Ellen MacKenzie, PhD, dean of the Johns Hopkins Bloomberg School of Public Health, says that COVID-19 is providing a lesson to “invest in public health or else” in failing to be prepared for the next crisis, concluding, “We cannot let the legacy of a public health crisis be the devaluing of public health itself.”

President Trump says that it is unreasonable to compare the US’s COVID-19 death rate per population to that of other countries with lower numbers, saying, “You have to go by the cases … we’re first, the best … you’re not reporting it correctly … because we do more tests, we have more cases … death is way down from where it was.” He concluded, “They are dying, that’s true. And it is what it is. But that doesn’t mean we aren’t doing everything we can. It’s under control, as much as you can control it.”

New York City’s health commissioner Oxiris Barbot, MD resigns, saying Mayor Bill de Blasio has underused the department’s disease control expertise. A notable example was his reassignment of contact tracing responsibility to Health + Hospitals. She also created controversy in COVID’s early days by urging residents to visit restaurants and festivals as usual and said in a press conference that masks should be work only by those showing symptoms of infection. NYC Health + Hospitals Chief Population Officer Dave Chokshi, MD, MSc has already been chosen to replace her.

Rutgers University’s football program has 28 COVID-infected players and employees who have tested positive after several players attended an on-campus party. Meanwhile, 18 players and coaches of the Miami Marlins baseball team have tested positive and the team admits that it played a game on July 26 knowing at that time that four players had tested positive. Thirteen players and staff of the St. Louis Cardinals tested positive in the past week.

San Antonio Metro Health removes 619 COVID-19 cases from Sunday’s count after finding duplicate entries as it prepared to switch to a new contact tracing system. The agency says the data it receives from labs, hospitals, and doctors, as well as for people who have been tested in multiple locations, may contain misspellings, dates of birth, or different street abbreviations That can cause the same patient to be reported as multiple cases.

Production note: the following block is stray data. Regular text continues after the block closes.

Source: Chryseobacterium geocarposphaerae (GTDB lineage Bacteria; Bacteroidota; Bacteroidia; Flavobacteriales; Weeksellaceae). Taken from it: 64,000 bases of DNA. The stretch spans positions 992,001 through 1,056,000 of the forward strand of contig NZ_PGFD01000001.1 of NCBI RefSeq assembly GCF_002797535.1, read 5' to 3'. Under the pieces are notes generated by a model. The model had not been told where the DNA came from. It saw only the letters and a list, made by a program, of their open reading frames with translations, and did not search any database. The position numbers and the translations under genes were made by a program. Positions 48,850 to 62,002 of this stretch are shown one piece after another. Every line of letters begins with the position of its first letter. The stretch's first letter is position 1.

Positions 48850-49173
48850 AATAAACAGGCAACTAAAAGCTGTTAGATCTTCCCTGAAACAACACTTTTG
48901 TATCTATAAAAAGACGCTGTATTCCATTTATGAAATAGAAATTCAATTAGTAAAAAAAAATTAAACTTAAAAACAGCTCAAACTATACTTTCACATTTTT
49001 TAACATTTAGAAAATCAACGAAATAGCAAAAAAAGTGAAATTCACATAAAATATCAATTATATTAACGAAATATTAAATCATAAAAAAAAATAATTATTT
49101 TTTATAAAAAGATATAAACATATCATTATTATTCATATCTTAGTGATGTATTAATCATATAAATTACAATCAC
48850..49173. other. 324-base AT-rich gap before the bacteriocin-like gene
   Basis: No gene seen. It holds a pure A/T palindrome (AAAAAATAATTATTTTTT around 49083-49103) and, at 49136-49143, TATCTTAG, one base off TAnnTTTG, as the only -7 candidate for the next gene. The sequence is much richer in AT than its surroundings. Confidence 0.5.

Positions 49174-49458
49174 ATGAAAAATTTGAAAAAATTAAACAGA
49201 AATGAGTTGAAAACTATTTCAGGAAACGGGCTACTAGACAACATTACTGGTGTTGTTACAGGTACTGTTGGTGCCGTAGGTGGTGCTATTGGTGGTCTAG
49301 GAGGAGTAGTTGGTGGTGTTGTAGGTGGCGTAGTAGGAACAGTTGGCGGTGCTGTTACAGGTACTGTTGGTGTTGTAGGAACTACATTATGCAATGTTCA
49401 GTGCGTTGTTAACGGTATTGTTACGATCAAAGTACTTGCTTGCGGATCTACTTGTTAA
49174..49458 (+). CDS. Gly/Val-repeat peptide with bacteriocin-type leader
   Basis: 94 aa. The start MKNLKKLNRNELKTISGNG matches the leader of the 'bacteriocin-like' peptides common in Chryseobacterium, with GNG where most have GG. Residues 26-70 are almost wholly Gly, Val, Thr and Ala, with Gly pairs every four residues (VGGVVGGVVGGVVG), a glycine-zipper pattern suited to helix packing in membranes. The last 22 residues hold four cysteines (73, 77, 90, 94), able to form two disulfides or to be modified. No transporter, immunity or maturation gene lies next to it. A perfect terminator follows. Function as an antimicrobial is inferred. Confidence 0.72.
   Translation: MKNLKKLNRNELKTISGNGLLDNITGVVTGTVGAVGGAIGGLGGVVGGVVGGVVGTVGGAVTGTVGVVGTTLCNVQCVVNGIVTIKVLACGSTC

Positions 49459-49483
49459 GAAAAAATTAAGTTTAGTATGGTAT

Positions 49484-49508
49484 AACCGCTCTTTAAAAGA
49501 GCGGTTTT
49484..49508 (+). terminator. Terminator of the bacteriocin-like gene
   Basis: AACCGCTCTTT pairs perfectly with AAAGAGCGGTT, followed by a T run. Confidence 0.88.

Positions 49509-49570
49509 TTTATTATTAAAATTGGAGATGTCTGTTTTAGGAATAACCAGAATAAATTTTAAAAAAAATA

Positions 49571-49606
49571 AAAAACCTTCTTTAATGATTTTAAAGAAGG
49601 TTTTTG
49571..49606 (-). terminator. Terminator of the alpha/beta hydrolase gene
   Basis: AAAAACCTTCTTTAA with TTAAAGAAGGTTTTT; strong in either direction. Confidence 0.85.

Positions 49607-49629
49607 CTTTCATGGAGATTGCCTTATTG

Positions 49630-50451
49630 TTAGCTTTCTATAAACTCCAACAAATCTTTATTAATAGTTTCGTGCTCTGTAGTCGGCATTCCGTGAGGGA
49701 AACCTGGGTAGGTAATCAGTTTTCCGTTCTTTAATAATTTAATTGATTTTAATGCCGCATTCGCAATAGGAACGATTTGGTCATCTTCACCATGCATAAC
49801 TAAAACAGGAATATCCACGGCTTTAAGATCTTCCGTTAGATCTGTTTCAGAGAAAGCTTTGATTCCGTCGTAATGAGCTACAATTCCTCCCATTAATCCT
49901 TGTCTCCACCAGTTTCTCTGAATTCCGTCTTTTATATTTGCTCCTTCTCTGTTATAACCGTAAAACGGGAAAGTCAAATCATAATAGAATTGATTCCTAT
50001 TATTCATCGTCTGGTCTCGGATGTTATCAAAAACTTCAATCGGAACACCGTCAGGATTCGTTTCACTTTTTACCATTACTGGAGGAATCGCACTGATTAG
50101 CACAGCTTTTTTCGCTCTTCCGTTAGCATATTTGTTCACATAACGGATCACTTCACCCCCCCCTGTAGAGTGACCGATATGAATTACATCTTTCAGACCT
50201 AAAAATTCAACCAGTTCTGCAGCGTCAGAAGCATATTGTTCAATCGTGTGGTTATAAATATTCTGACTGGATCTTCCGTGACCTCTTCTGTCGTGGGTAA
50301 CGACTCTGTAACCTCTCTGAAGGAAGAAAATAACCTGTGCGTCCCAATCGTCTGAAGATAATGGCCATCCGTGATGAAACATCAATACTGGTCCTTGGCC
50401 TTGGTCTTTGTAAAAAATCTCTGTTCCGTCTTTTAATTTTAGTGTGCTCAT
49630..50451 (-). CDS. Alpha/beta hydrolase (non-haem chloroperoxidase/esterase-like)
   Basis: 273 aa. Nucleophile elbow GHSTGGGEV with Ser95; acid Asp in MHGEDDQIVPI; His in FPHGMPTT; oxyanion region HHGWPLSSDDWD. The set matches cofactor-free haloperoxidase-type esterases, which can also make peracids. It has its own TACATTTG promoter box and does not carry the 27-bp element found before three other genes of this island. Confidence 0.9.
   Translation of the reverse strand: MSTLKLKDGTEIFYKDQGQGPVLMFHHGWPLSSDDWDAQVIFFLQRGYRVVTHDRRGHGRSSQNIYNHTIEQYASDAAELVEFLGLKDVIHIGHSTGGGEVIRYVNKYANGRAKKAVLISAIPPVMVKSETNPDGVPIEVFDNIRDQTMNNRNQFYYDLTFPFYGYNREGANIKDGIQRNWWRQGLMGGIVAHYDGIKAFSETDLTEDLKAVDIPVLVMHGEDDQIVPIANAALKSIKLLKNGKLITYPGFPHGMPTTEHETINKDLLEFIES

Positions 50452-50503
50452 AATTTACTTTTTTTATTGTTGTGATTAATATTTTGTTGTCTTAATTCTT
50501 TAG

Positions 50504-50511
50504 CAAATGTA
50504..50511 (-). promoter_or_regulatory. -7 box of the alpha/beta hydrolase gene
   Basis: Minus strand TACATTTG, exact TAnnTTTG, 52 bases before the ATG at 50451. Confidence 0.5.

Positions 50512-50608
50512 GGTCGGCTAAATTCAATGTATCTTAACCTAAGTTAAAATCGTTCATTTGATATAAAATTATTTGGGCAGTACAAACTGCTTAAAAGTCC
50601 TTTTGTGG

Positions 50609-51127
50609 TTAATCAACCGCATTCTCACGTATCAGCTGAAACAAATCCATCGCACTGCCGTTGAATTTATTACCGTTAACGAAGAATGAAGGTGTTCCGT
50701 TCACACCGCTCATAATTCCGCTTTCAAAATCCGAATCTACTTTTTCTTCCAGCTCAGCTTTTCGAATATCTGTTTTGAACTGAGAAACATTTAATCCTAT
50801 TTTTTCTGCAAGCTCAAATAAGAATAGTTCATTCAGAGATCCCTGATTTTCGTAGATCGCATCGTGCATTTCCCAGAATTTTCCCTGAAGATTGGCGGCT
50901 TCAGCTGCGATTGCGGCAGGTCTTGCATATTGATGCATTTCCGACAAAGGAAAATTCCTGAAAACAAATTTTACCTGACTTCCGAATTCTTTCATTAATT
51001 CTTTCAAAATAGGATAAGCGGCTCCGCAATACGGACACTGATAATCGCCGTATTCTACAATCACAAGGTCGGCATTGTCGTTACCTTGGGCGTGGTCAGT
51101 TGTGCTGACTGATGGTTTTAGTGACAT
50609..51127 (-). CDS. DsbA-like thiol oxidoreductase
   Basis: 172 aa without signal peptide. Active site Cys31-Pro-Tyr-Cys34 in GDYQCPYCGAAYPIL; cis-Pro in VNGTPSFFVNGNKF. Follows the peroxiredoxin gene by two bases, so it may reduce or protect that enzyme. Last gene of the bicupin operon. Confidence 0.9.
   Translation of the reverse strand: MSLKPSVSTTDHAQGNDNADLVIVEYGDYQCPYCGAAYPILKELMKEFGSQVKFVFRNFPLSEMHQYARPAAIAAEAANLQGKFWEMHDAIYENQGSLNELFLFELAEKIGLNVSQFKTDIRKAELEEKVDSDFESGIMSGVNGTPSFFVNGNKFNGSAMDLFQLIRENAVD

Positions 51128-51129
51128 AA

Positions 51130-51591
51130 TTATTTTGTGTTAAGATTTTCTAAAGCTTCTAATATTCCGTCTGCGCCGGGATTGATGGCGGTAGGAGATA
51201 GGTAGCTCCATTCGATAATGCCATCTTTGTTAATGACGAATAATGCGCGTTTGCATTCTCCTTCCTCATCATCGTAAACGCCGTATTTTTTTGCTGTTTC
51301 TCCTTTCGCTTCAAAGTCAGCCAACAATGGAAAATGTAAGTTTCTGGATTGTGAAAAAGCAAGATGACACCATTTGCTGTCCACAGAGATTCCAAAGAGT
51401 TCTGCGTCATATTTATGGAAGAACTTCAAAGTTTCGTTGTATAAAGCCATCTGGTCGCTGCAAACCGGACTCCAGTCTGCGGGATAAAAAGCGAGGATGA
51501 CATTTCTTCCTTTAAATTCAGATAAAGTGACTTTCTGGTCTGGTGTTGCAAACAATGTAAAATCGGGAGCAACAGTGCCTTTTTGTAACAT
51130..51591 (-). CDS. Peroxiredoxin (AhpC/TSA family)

Delays in receiving COVID-19 testing results, caused by basic supply shortages and lack of a national strategy, are hampering the efforts of businesses and schools to reopen to employees and students who test negative. Delays of several days to weeks render the tests pointless.



The New York Times examines whether telemedicine is here to say, raising these points:

  • CMS’s coverage will end when the pandemic is no longer a declared public health emergency unless Congress passes legislation making it permanent.
  • Insurers haven’t yet committed to paying for telemedicine visits comparably to in-person ones and may view telemedicine as a way to pay less.
  • The cost and quality of telemedicine remains unproven for managing chronic conditions.
  • Many or most patients prefer or require in-person visits.
  • Insurers worry that telemedicine will increase visits without improving patient health, raising costs unnecessarily.
  • Telemedicine may provide justification for doctors to bill phone calls that weren’t charged before, such as providing lab results or advising a patient to come in to the office.

A federal judge denies the plaintiff’s request to move a privacy lawsuit against UPMC to state court. UPMC is accused of sharing patient data with third parties for marketing purposes without their consent. The judge says the the lawsuit was correctly sent to federal court because UPMC was participating in HITECH.


In Argentina, an apparent server configuration error exposes the information of 115,000 people who had applied for COVID-19 quarantine exemptions. Researchers found that they could use basic information that had been exposed (ID number, gender, and phone number) to email the “circulation permit” to any email address. The exposed database was almost immediately attacked – but not disabled – by a “Meow bot” that finds and destroys exposed online data, speculated to have been created by a vigilante security expert who was annoyed by administrators who fail to secure online databases.